DSU carefully evaluated during long road to accreditation

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Catchy slogans and grand ceremonies have given Dixie State University students and supporters much to talk about, but what takes place behind the scenes makes all the difference.

Accreditation, a seven-year process, requires staff to set goals that range from specific class objectives to larger ones that pertain to the university as a whole in order for DSU to acquire a reputation as a credible university. Although accreditation impacts students in both educational and professional endeavors, it’s an ever-developing evaluation that can get lost behind the more glitzy aspects of DSU’s progression.

Debra Bryant, Northwest Commission on Colleges and Universities liaison officer and business assistant professor, said she obtained her NWCCU position in fall 2012 when DSU went through its major assessment. The path to meeting standards for accreditation takes every bit of seven years, as those involved must constantly set goals that accreditors will later analyze during evaluations, she said.

“If you say you’re doing something, how do you know you [are meeting the goals] without [proper assessment]?” Bryant said. “It’s all about assessment.”

Because the goal types differ — from acknowledging the value of diversity to discipline-specific ones — DSU, in its second year of the process after the 2012 evaluation, has assigned staff members various roles that deal with accreditation.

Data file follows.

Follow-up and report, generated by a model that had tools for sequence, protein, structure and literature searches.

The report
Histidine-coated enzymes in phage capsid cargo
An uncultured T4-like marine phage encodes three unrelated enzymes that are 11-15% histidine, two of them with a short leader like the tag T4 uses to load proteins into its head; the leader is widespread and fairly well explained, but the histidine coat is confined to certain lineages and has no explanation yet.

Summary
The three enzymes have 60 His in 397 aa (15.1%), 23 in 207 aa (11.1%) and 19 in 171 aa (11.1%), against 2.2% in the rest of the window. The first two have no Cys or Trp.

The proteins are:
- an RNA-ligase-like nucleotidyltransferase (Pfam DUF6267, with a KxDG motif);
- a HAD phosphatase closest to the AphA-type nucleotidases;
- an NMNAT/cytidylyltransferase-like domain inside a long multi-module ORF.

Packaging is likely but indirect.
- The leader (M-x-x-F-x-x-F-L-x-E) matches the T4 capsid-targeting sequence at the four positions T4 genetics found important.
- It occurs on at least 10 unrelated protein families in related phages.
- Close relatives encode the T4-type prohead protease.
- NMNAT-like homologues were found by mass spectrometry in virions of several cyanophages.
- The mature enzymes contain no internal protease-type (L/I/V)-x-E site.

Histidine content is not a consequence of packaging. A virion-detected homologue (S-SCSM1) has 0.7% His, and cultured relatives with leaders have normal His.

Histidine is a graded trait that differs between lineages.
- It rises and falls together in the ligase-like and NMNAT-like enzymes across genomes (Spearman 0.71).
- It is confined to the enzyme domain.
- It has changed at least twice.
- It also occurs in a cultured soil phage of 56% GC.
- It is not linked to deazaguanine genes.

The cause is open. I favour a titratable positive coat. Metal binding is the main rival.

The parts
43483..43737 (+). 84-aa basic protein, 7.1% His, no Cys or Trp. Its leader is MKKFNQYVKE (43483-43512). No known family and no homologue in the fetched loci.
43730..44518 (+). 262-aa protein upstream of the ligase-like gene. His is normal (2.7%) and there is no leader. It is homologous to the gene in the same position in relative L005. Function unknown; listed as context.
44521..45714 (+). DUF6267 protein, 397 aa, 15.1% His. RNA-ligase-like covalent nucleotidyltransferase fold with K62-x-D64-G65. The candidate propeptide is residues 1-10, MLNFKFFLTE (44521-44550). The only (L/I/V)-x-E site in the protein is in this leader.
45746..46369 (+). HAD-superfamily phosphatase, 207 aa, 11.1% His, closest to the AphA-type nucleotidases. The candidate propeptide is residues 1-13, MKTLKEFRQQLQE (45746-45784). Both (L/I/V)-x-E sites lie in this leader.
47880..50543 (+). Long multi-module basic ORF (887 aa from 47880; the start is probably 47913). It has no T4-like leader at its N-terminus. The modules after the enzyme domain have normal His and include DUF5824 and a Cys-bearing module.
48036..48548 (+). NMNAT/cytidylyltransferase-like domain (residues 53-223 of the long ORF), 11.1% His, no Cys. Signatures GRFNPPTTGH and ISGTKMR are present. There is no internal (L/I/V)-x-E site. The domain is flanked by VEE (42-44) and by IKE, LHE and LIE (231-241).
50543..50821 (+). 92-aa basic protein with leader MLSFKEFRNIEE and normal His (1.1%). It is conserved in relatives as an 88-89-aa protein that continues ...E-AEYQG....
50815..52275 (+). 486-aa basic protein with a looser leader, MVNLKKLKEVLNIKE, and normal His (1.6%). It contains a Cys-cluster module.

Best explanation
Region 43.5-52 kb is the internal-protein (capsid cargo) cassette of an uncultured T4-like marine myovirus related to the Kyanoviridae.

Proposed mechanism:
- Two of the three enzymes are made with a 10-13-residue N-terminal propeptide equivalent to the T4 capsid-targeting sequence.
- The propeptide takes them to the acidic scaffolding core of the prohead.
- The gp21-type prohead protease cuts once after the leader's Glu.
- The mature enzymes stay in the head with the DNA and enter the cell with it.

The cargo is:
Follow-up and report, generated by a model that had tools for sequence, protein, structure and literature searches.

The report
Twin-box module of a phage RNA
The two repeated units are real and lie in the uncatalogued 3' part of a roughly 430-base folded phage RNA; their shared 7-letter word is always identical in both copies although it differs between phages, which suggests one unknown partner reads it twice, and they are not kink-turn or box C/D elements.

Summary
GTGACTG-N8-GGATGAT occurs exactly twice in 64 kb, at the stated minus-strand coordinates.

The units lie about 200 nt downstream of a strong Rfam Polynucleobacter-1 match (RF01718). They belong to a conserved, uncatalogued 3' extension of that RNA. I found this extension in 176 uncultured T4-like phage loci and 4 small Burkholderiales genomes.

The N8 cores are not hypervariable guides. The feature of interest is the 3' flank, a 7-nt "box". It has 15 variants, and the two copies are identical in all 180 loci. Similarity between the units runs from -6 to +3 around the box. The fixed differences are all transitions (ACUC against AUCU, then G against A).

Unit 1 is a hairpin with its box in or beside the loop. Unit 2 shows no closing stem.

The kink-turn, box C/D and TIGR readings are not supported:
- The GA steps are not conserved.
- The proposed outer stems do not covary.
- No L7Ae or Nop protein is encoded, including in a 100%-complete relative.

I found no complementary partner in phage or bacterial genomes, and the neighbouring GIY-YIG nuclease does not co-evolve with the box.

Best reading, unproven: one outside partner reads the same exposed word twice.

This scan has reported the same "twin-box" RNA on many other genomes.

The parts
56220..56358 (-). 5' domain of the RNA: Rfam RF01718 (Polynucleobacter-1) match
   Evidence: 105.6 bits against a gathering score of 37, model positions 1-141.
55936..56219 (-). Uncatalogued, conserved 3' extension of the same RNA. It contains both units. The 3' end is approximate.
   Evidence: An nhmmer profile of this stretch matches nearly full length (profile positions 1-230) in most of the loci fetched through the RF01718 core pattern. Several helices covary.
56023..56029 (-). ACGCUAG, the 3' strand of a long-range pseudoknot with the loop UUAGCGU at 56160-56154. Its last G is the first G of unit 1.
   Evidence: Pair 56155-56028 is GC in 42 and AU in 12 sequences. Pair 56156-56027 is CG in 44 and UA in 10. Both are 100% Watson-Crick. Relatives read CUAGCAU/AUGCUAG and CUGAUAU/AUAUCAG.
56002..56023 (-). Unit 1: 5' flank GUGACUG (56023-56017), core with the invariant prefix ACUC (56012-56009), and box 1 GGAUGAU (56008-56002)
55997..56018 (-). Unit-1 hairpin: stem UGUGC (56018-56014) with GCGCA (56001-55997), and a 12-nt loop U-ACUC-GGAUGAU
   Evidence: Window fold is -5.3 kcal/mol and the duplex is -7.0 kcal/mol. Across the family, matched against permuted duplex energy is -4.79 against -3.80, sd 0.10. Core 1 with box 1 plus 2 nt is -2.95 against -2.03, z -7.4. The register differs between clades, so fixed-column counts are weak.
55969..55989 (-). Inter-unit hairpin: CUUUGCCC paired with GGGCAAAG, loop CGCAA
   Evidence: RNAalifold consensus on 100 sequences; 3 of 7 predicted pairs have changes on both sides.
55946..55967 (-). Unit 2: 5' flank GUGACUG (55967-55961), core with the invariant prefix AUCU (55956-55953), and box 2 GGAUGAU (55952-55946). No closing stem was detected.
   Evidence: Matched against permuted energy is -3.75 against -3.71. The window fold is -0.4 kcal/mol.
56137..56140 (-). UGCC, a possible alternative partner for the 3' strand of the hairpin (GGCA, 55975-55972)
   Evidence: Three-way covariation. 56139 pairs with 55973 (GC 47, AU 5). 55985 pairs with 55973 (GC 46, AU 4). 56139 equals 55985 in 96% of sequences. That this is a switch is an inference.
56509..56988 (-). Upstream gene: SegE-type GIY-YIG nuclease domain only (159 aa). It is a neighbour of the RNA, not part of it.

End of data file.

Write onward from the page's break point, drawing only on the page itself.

Academic assessment director Assunta Hardy said she helps different departments track their efforts through evaluations. In order to analyze the effectiveness of set objectives in courses, staff must make documentation a priority, she said.

In addition to meeting goals, Bryant said those stepping-stones often change. Objectives created in the first year or two of accreditation may not lead to the progression wanted. Bryant said departments sometimes make objectives more challenging during the process to expect the most out of students and staff.    

“The concept is continuous improvement,” she said. “We’re not just going to stay here where we are; we’re going to get better.”

Accreditation efforts assure students the education acquired at DSU means they can transfer to other universities or apply for jobs and entities will acknowledge their completed coursework. But students can also find crucial, basic information through accreditation: what they can expect to learn while at DSU.

Hardy said by keeping track of course objectives — often listed on class syllabuses — students will gain knowledge about what they should learn and how that can assist them. If students keep track of the process, staff should take accreditation more seriously too, she said.

The NWCCU met this month, and members discussed whether to reaffirm DSU for the next seven years. As the Sun went to press, Bryant said she hadn’t received the official word but hopes to soon.

You can find more information about accreditation effort at DSU’s website under “General Information.”